Corn oil typically is recovered from the corn germ through a solvent-based process using hexane. Due to capital equipment requirements and special handling and disposal considerations, the use of hexane is considered a rather expensive process. Unfortunately, water-based methods for oil recovery have not been successful because the yields of corn oil are much less than those obtained using hexane extraction.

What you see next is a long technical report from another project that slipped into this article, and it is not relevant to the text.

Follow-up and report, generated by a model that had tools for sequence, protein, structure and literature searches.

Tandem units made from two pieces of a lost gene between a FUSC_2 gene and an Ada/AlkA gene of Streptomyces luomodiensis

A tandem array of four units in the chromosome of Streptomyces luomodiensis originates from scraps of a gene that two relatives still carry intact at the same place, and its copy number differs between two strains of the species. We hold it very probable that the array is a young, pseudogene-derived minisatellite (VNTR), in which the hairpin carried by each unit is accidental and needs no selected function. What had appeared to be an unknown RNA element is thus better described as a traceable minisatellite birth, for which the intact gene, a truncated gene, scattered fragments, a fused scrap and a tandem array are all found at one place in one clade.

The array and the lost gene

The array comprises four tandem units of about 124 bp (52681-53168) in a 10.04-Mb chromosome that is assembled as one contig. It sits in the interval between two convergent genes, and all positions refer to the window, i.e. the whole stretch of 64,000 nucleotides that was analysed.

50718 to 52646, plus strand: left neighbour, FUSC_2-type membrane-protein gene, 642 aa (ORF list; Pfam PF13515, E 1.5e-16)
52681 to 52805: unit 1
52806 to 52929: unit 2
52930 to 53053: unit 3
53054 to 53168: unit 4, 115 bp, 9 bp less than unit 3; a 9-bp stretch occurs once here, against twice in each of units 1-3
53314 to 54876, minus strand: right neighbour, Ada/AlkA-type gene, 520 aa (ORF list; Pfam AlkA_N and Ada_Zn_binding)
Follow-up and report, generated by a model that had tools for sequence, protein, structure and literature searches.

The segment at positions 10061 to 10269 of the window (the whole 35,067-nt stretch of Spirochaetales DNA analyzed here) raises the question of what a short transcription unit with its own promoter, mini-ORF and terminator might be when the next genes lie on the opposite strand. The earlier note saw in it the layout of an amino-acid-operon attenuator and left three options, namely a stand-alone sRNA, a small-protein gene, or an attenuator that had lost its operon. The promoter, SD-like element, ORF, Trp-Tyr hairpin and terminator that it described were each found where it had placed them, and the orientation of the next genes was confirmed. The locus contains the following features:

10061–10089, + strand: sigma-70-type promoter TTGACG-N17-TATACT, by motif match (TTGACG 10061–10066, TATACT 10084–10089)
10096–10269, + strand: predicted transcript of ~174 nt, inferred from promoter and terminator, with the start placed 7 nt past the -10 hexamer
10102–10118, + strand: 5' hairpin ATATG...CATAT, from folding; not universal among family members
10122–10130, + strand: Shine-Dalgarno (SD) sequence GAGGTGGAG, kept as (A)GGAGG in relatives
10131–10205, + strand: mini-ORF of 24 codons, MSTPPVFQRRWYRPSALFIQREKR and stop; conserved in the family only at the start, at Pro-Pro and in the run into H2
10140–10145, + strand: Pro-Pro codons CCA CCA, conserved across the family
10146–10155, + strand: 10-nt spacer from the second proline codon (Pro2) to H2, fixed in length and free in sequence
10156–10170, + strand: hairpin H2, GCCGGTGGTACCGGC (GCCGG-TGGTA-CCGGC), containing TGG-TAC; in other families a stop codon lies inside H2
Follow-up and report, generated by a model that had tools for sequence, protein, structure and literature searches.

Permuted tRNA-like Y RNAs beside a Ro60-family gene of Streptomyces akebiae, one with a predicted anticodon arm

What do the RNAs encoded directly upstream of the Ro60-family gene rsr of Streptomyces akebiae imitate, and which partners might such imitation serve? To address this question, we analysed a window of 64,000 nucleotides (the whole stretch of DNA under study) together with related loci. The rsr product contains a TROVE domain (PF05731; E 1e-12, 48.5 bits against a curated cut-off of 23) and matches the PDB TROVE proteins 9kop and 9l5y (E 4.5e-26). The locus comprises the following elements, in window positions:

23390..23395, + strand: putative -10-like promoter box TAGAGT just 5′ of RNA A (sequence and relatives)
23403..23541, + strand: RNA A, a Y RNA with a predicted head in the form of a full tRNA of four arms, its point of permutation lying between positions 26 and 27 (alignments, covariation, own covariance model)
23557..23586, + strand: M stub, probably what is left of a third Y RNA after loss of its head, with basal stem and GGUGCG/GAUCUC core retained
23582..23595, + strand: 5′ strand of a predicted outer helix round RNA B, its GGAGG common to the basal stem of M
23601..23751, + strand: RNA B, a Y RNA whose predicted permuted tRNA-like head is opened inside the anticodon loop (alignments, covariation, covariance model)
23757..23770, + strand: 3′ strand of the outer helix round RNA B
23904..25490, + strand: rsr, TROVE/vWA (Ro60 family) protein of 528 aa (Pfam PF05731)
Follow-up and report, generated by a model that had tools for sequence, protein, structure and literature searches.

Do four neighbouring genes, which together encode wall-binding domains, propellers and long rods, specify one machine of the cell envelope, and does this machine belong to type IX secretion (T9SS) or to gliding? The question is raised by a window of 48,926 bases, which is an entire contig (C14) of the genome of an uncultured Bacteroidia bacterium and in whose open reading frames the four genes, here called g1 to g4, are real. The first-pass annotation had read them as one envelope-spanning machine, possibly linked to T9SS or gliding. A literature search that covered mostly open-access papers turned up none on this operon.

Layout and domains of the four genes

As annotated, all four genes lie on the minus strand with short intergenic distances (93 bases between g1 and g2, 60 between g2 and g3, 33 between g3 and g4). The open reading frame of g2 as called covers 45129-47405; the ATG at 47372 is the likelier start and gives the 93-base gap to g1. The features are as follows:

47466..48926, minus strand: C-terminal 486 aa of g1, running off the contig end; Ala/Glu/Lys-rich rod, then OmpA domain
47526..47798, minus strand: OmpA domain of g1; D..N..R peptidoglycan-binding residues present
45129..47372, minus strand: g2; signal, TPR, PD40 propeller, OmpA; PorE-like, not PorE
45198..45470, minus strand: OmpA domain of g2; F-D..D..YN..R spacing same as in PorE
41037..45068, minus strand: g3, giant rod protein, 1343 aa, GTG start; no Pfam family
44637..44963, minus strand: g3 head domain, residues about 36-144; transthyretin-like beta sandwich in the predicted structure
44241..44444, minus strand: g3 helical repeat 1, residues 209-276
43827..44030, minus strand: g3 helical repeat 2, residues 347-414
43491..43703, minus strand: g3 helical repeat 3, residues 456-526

A thermal analysis of the unprocessed germ was performed to identify whether ambient or cryogenic grinding would be recommended. The transition temperatures were measured on a differential scanning calorimeter (DSC). The DSC output shown in figure 1 identified a glass transition temperature (TG) for the starch component at around -72°F (-58°C) and a melting temperature (TM) for the oil component at around -4°F (-20°C). These results were consistent with literature values for similar materials. Therefore, based on the rather low TG, the material was considered appropriate for using cryogenic conditions in grinding to expose sufficient surface area to maximize the oil extractability.